Blowing Up Your Lab Mate is a Bad Idea, But It Sure Is Fun

By Josh Bloom — Feb 02, 2016
Nitrogen triiodide is exceedingly cool stuff. The purple solid is very easy to make, but you better keep it wet. Once dry, it's a powerful contact explosive which could theoretically be useful for practical jokes. I know, because I survived after someone played one on me.

Dear Homeland Security guys, Please leave me alone. I am not providing any information that isn't already on YouTube. Nor am I suggesting that anyone try this. Furthermore, not only have I not done it to anyone, but I was the victim back of this horrendous plot, back in the days when chemistry practical jokes were still considered funny. This wasn't just funny. It was hilarious.

There is also some cool chemistry involved, which gives me an excuse to write juvenile nonsense like this. The chemical that blew me up is nitrogen triiodide, and it is not only unique (insanely explosive, triggered by even a light touch, as is obvious from the video below) but is ridiculously easy to make. All you have to do is mix iodine crystals with ammonia, stir it a bit and wait for a little while Then filter off the purple solid that forms and KEEP IT WET. Because if you don't, something bad happens. As I would soon find out.

Here is the reaction to make it:

NH3 + I2 = NI3

And here is the reaction representing what happens to it if you let it dry out:

2NI3 + Anything on earth = N2 + 3I2 + BOOM! + New pair of underwear

The second reaction is best demonstrated by the following video:


So, one morning, I stroll into my lab to find that someone (let's just call him Steve) left me a little surprise from the night before. My lab was mined with nitrogen triiodide. All over the place, as demonstrated by the red Xs.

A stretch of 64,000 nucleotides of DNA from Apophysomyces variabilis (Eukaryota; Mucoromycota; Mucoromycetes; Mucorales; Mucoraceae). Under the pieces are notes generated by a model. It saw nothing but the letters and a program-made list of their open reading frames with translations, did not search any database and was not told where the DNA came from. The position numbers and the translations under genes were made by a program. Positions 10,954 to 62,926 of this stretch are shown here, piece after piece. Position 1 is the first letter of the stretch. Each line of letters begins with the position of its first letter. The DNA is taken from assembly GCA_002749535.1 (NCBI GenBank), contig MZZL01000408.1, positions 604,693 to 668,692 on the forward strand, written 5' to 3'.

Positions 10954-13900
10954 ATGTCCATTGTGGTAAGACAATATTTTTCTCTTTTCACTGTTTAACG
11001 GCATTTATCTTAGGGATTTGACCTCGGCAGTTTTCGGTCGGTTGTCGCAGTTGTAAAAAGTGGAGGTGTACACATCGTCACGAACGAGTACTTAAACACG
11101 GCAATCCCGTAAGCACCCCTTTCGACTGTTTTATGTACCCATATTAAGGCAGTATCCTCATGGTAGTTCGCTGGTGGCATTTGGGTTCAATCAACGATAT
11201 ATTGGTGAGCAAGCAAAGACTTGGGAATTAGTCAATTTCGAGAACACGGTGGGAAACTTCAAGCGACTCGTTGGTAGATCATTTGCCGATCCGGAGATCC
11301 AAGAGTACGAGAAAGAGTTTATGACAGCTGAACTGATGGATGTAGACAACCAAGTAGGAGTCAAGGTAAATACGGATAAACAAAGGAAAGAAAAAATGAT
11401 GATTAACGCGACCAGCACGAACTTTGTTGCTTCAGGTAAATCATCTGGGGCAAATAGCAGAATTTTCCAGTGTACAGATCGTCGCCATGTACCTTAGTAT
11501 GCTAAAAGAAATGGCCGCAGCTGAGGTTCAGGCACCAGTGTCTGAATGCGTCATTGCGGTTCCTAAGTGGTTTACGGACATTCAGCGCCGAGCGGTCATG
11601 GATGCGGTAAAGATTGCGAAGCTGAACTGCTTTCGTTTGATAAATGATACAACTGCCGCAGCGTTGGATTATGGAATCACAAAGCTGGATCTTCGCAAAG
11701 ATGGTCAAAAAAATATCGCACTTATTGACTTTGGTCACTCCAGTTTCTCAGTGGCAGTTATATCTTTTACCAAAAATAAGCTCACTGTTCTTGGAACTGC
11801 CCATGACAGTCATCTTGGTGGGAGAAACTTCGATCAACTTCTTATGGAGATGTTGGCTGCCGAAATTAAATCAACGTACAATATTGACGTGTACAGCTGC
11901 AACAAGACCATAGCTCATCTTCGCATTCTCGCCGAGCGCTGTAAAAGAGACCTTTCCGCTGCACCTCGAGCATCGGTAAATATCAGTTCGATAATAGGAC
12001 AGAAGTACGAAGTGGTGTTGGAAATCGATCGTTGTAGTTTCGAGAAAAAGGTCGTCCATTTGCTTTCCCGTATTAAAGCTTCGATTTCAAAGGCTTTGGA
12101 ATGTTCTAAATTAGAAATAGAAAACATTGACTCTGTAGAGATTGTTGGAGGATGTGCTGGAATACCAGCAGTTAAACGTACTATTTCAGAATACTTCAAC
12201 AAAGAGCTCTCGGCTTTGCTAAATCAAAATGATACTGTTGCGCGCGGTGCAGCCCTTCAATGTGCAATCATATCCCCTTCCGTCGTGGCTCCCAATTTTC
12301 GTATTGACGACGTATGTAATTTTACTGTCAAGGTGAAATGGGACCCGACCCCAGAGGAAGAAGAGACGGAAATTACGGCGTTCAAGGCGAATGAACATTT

Screen Shot 2016-02-01 at 3.30.53 PM X = A tiny pile of dry NI3.

So, everything I touched, every place that I stepped, was a small but significant explosion with me at ground zero. I blew up at every turn. The head of the research group, who could hear it quite clearly, was displeased about this. He came in at yelled at me! Like I sabotaged my own lab for the sheer pleasure of blowing myself up every time I turned around?

Screen Shot 2016-02-01 at 4.04.57 PM

A falsely accused chemist. He was not pleased.

Obviously, this could not go unpunished, as demonstrated by the following sequence of events:

1. Obtain a brand new rubber pipet bulb.

Screen Shot 2016-02-01 at 3.52.03 PM

2. Obtain some crushed dry ice. 

Screen Shot 2016-02-01 at 3.58.33 PM

3. Obtain a stainless steel tubing clamp.

Screen Shot 2016-02-01 at 4.10.24 PM

4. Fill bulb with dry ice

5. Place the clamp on the neck of the bulb. Tighten the screw. Then tighten it some more.

6. Hide it under Steve's desk hoping that Steve would return. Then get the hell out of there. He did.

7. As the dry ice becomes CO2 gas, it gets rather large:

 Screen Shot 2016-02-01 at 4.16.01 PM

7. Wait 10 minutes.

8. Observe results. 

Screen Shot 2016-02-01 at 4.18.21 PM

9. Assess the success of the plan: The plan succeeded.

Screen Shot 2016-02-01 at 4.27.39 PM

The chemist formerly known as Steve.

10. Suffer the consequences. Try not to roll around on the floor in hysterical laughter during the acceptance of said consequences.

 Screen Shot 2016-02-01 at 4.23.51 PM

He was bluffing. I did not get fired.

Addendum: Steve is a long-time friend. At the time when the festivities transpired we were post-docs together, and later we would work for the same company. After he read this, he told me a story, which was just too good to pass up.

Steve is a couple of atoms short of a periodic table, essentially a high-functioning Charles Manson. So it is not the least bit surprising that one of his former hobbies was tinkering with explosives. His specialty was blowing up enormous quantities of them in the desert near where he lived.

He told me that he once read about some other maniac who decided to use nitrogen triiodide to build a better mousetrap. This device consisted of a circle of dry NI3 with a piece of cheese in the middle of the circle. 

It worked.

Screen Shot 2016-02-02 at 1.49.39 PM 


Josh Bloom

Director of Chemical and Pharmaceutical Science

Dr. Josh Bloom, the Director of Chemical and Pharmaceutical Science, comes from the world of drug discovery, where he did research for more than 20 years. He holds a Ph.D. in chemistry.

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